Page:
Suggested schedule in Luang Prabang, Laos in the crowded season (Part 1)


Tips for a good schedule in Luang Prabang, Laos in order to have the best time in this wonderful country.

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Day 1: Visit temples and shopping

Wat Bang Phra @ Wikipedia


Luang Prabang means the city of Phra Bang Phra Buddha, which is believed to protect the city from the 14th century. When the warrior Fa Ngum married the Khmer princess, he was crowned king of the Angkorian empire. Give this treasure. She was taken to and from Bangkok and Luang Prabang during the war with Siam (now Thailand). From 2013, the statue is placed in Haw Pha Bang of the Royal Palace.

The Royal Palace costs 30,000 Kip, built during the French colonial period from 1904 to 1909, blended with both Lao and French architectural styles. The building impresses with the three-headed elephant standing under the cloak or the room placed inlaid with gold inlaid mahogany. Do not forget to look at the vintage car collection with the royal logo on the doors and the table. Opposite the palace is the road to Phousi (Mount Phousi) 20,000 Kip is the best place to watch the sunset.

Next, to Wat Mai Palace, the entrance fee of 20,000 Kip, built in 1788, is the place for important ceremonies for the city during the traditional Lunar New Year.

On the way along Sisavangvong Peninsula, try some of the street side restaurants to sample and enjoy the artifacts at Artisans cafe. Continue to the peninsula you will pass the French-built school with ancient architecture, Hotel Villa Santi and Three Nagas Hotel have some old Citroën and Mercedes parked outside. Stop at Wat Sene from the 18th century (free admission) to understand more about the Lao people’s faith. The next temple dates back to the 16th century, Wat Xieng Thong (20,000 Kip admission pass), which was described by Auguste Pavie, the first French deputy consul in Luang Prabang. “The temple is famous for its three-storeyed curved roofs. and evoke the image of the bird is preparing to launch wings. Try to find pictures of the Tree of Life in the mosaic on the wall and many other images related to King Sisavang Vong.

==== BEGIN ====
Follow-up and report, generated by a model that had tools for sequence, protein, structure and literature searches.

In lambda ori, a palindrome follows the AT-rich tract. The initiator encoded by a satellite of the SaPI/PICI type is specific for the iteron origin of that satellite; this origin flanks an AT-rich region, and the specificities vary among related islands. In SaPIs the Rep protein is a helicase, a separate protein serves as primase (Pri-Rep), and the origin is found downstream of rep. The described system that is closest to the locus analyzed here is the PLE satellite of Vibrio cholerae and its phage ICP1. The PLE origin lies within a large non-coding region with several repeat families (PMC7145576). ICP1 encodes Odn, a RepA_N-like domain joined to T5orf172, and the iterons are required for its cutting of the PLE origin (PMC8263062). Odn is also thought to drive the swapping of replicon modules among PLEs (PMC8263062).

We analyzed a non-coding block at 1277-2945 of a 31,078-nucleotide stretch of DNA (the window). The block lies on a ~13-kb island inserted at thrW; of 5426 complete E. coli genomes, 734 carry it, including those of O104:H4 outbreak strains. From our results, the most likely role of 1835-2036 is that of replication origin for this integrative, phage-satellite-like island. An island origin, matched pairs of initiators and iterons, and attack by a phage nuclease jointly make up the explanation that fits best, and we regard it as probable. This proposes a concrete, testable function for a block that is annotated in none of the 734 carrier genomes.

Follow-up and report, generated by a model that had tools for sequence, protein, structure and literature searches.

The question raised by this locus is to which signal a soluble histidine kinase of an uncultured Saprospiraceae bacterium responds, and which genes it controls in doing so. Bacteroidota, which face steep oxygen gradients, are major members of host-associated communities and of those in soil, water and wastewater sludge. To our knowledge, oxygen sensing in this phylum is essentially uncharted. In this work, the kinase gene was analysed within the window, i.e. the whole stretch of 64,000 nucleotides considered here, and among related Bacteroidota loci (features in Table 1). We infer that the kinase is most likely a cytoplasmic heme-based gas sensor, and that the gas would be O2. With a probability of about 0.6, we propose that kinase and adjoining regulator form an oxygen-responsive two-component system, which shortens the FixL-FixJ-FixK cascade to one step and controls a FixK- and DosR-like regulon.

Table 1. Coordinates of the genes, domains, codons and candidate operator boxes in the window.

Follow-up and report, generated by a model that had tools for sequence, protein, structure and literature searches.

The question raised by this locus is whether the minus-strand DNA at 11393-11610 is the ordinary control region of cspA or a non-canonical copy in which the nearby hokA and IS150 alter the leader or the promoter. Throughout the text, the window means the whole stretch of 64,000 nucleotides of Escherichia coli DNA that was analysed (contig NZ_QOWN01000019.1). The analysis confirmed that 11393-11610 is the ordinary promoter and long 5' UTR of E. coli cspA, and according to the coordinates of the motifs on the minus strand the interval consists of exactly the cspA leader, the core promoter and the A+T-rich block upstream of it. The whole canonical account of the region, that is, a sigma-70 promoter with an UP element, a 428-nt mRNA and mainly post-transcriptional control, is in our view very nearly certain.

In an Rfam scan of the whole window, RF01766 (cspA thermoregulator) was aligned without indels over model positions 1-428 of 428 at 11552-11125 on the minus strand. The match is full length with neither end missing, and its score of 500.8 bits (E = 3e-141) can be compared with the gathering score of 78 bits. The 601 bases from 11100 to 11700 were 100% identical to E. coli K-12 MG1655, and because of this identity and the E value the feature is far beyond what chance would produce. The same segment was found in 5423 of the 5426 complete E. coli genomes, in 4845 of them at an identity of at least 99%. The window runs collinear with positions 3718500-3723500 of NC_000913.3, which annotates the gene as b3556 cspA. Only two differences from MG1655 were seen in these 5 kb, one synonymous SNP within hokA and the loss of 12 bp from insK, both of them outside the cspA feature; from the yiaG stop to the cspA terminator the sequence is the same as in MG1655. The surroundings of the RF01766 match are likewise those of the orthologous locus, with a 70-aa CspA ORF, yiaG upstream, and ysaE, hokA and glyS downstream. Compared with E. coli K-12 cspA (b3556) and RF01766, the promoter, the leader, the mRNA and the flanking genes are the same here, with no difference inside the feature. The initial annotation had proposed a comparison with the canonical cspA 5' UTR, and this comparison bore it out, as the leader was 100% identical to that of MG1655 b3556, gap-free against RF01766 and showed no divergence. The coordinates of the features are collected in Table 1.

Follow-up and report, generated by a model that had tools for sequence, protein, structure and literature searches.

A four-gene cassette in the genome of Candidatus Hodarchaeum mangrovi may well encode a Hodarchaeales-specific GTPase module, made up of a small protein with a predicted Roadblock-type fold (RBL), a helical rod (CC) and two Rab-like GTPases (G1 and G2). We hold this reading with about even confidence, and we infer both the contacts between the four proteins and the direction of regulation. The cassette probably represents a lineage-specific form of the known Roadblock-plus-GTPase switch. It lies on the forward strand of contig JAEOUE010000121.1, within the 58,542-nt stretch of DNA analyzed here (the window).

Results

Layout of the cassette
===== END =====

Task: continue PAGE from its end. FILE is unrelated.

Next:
Opposite Wat Xieng Thong is the Queen Design Store, where you can buy Hmong handmade gowns and the Article 22 Shop selling jewelry made from bomb shrapnel or adjacent to the Noi store. basket and bag from the Kham community living in the area called Sam Neua.

Lunch at L’Elephant Vert is an ideal choice with a set menu of 100,000 Kip serving fresh tomatoes, cilantro, and mustard, or at the lovely Cafe Toui with souisi pa (freshly cooked with coconut milk soup cinnamon, red peppers for about 40,000 Kip, Cuban mojito, mint leaves made from Laos will be perfect.


After lunch, walk out of L’Elephant Vert where you can meet Gallery Asiama where Southeast Asian apparels are marketed by Dr. Linda S McIntosh, along with Alain Ménoni showcasing and selling Pictures of Laos are very impressive.

Back on the main road, you’ll find the Ock Pop Tok Heritage store selling vintage “Lao” clothing and the Passa Paa shop selling modern, but indigenous handbags.

For a more tranquil Luang Prabang night, board the Bounmi boat cruising down the Mekong (from 160,000 Kip) to enjoy the exotic dishes but the red Lao Lao (rice wine made from sticky rice). At sunset, the night market has chicken and grilled fish skewers ranging from 10,000 to 50,000 Kip, noodles from 15,000 Kip and coconut sweets from 8,000 Kip. If you do not choose a yacht dinner in Tangor and finally find yourself a corner of the cocktail at Club Icon is also quite an ideal choice.

Day 2: Eat and drink and music

Handing out the food to the monks @ Wikipedia 

Wake up early to join the traditional ceremony: handing out food to the monks. There are about 35 watts (pagodas) in this metropolis and every morning, monks go begging through the streets to receive food prepared by the people. You should pay attention not to affect this ritual as trying to take souvenirs or interfere with the activities of monks and people.

The morning market is open from 6.30 am to 10 am. There is an opportunity to interact with locals and find scallops, popcorn, beef, lamb, betel and live toad.

To explore and experience the cuisine of Laos, visitors can register for a cooking class at Living Land, just 5 km from Luang Prabang and experience a 250,000 Kip field experience. Lunch at Khaiphaen restaurant with laap, minced chicken with chopped vegetables and mint, and pannacotta – a pudding with extra ingredients are palm leaf

To be continued…

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